Public control should extend beyond the making of the budget to the disbursement of funds, because it is a common practice for public officers to use funds for other purposes than those indicated in the actual appropriation. It is suggested, therefore, that "a resolution should accompany every budget to the effect that moneys therein appropriated may not be used for other purposes without authority from the appropriating body and without due notice to the public." To prevent the head of any department from spending his allowances early in the fiscal year and becoming bankrupt later, the amounts voted for each payroll should be so divided that the disbursements for any one month do not exceed one-twelfth of the total annual appropriation. Finally, "to make possible these steps and to make certain their execution, it is necessary to have from the first day of the year in all of the departments modern business methods of describing work done when done, and money spent when spent, plus methods of inspection and of audit to see that the rules are complied with and the truth told." 2

1 The city comptroller of New York is now instructed to supervise the monthly pay-rolls and to see that the sums of money voted are expended for the purposes for which they were designed.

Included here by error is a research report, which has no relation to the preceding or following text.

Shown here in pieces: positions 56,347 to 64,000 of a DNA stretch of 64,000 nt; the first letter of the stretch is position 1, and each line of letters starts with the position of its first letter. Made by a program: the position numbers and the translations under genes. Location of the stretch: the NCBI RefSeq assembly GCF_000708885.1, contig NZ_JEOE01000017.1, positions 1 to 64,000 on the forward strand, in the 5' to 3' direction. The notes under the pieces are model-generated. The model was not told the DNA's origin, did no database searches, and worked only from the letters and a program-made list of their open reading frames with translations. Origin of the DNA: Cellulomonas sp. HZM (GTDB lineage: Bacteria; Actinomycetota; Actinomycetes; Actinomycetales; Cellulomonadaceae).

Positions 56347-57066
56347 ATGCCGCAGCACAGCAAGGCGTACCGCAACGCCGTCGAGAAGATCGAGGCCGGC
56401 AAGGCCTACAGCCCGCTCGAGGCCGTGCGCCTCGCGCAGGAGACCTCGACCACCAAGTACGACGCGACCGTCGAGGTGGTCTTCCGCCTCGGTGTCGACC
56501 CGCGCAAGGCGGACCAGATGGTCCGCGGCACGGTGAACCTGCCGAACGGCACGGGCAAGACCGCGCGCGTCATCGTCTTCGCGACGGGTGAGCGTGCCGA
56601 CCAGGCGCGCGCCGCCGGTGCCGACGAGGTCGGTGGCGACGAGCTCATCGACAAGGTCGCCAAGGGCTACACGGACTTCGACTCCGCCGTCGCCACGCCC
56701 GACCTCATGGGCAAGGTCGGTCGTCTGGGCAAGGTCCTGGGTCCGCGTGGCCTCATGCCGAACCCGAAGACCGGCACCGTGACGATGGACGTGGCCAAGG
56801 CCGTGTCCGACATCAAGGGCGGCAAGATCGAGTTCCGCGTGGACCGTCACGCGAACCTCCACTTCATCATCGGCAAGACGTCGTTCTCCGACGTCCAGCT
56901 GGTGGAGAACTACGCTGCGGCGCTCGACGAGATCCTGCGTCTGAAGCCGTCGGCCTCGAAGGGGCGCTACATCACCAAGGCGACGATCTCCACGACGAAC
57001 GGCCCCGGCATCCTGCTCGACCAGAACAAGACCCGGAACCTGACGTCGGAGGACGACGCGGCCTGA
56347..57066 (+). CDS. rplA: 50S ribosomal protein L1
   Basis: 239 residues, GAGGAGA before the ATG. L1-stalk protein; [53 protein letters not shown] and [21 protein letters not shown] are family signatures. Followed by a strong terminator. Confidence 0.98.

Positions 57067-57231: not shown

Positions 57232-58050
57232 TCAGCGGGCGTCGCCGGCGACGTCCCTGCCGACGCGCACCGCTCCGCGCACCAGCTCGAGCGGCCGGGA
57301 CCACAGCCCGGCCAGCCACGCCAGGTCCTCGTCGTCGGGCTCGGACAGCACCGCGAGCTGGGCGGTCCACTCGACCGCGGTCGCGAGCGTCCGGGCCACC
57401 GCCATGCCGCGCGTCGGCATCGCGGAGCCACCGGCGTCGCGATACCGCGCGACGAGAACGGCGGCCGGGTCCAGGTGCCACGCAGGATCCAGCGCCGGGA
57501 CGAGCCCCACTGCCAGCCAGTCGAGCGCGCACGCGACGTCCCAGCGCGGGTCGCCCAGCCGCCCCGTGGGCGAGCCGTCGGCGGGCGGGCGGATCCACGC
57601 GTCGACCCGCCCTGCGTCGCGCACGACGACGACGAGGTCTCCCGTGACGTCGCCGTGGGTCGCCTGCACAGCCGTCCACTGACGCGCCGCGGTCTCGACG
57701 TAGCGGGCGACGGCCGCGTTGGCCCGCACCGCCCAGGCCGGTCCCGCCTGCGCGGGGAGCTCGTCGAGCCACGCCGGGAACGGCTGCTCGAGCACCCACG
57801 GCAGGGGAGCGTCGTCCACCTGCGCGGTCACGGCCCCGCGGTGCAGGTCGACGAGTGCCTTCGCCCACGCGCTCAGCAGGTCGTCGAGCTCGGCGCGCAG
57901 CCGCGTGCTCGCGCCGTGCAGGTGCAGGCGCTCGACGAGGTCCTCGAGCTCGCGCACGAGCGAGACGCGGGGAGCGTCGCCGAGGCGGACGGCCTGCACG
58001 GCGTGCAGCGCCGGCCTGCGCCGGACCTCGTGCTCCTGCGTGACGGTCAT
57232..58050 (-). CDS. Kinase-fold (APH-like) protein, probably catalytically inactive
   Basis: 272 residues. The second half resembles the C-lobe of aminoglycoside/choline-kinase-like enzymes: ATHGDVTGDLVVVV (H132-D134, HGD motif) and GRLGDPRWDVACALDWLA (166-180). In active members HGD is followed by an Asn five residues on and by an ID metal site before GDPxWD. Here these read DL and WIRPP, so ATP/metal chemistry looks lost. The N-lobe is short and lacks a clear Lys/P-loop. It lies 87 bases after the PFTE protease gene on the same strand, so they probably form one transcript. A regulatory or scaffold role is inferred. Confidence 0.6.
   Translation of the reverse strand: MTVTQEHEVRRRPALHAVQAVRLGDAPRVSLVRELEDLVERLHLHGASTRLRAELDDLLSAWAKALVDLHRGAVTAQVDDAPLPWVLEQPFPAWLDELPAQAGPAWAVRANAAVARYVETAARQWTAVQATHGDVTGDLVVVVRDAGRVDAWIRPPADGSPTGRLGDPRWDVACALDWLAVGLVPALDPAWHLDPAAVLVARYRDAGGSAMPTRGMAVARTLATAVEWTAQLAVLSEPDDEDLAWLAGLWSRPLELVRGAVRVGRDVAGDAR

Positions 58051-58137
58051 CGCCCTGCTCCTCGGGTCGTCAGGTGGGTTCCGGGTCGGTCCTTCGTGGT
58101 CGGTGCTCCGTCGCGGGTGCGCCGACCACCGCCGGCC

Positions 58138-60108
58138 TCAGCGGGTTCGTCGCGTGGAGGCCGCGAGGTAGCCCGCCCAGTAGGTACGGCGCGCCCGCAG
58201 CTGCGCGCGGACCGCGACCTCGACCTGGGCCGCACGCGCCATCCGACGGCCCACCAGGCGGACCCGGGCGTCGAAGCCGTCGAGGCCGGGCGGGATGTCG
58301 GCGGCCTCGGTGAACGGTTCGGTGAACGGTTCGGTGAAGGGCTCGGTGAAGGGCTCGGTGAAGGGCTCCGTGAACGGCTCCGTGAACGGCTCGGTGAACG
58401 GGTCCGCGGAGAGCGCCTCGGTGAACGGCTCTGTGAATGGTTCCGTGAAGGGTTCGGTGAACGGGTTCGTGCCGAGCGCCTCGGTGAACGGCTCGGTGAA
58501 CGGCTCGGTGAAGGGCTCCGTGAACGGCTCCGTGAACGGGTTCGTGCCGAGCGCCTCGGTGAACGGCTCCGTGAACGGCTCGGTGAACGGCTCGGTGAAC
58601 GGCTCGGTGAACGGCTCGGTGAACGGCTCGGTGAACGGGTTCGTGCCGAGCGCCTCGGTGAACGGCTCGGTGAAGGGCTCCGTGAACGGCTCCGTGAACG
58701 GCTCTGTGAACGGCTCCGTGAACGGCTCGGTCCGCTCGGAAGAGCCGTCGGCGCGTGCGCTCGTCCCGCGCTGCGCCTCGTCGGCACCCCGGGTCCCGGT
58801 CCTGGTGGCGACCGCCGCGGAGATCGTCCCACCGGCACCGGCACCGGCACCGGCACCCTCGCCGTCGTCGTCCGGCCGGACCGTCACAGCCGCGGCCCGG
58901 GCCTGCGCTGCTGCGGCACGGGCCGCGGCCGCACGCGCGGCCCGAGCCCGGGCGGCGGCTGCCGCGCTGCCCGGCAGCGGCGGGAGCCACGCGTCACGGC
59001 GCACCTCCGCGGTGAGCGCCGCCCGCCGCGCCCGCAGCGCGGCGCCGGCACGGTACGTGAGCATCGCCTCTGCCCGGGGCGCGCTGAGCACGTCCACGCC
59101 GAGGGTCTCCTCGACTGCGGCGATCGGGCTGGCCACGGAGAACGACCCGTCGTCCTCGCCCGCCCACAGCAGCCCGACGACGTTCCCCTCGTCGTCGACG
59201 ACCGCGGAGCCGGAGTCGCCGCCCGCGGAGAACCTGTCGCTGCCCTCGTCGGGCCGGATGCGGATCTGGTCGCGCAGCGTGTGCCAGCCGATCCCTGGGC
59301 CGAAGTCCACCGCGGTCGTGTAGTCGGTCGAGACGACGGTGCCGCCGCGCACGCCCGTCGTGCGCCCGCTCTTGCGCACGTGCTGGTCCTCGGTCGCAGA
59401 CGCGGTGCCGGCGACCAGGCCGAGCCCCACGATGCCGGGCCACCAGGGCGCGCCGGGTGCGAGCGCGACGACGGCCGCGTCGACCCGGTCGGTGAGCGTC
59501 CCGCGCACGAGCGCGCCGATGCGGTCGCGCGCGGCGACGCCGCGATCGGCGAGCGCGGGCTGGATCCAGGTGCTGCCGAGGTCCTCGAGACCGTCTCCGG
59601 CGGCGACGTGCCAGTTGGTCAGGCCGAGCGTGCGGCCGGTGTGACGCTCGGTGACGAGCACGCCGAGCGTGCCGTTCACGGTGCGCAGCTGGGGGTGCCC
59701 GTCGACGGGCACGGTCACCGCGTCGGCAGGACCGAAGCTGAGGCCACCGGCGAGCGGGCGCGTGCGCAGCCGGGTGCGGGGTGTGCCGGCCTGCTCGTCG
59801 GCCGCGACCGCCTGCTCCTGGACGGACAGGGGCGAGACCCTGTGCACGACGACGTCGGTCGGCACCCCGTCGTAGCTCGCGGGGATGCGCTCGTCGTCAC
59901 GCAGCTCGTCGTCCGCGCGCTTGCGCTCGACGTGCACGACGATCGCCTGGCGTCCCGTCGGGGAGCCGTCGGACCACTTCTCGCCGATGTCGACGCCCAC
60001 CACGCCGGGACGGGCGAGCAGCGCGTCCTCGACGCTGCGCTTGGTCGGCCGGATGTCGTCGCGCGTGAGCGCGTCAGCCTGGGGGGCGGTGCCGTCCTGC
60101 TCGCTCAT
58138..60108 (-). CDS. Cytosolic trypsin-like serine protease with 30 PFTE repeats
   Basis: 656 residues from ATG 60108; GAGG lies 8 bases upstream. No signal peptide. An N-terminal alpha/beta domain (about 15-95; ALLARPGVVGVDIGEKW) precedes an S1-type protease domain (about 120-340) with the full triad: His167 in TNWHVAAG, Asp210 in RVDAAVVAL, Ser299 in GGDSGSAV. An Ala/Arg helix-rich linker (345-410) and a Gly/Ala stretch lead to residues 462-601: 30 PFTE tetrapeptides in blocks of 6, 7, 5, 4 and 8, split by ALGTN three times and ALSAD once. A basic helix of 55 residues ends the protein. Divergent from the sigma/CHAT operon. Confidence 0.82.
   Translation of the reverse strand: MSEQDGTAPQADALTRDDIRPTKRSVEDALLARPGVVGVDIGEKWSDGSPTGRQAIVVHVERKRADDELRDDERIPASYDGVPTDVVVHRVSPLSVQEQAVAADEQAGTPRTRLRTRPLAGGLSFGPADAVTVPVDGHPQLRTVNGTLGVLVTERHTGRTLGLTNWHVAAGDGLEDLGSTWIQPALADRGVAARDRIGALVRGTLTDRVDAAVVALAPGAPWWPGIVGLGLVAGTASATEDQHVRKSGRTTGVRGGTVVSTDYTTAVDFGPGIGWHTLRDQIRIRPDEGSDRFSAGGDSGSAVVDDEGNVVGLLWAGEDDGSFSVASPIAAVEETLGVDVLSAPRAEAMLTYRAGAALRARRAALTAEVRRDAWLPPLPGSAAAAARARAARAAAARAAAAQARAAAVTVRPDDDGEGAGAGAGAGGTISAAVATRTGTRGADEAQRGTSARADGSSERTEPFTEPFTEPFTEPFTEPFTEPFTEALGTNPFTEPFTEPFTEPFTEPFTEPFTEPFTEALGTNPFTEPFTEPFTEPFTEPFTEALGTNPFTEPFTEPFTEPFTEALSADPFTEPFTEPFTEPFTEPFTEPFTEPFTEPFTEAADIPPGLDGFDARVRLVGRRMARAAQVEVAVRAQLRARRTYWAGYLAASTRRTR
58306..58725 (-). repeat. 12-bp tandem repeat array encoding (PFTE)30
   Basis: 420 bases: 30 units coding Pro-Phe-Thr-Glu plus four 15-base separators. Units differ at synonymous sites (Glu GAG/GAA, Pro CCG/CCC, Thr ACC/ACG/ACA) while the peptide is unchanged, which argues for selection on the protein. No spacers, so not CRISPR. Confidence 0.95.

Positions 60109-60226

2 On taxation, see below, chap. xxxi.

Police Administration

A primary function of a municipality, of course, is the exercise of the police power in its narrowest sense; that is, the enforcement of the law against thieves, burglars, murderers, incendiaries, and criminals of every type, high and low. This work is intrusted to the police force; and in America the police is regarded as a branch of local government, although in a few states a somewhat strict control is placed in the hands of the central administration. The New York legislature, for example, in 1857, combined New York City, Brooklyn, and some contiguous areas into a single metropolitan police district under the supervision of a state commission, but thirteen years later the scheme was abolished. There is to-day, however, a special division of police charged with enforcing the election law in the metropolis and placed under the control of a state commissioner appointed by the governor. In Baltimore, St. Louis, and Boston the police boards are branches of the state administration. In Pennsylvania and some other commonwealths there is a special state police force.

It is pointed out in defence of the state system of control that in the present condition of American politics the police department too often falls under the control of the vicious elements of the population against which it is supposed to enforce the law. The governor of Massachusetts said in 1868, "It is apparent that public decency and order and public justice require the maintenance of an executive body which shall not be controlled by the public sentiment of any locality, and which shall be competent in its spirit, its discipline, and its members to a reasonable and judicious but just and impartial enforcement of the statutes of the commonwealth.”1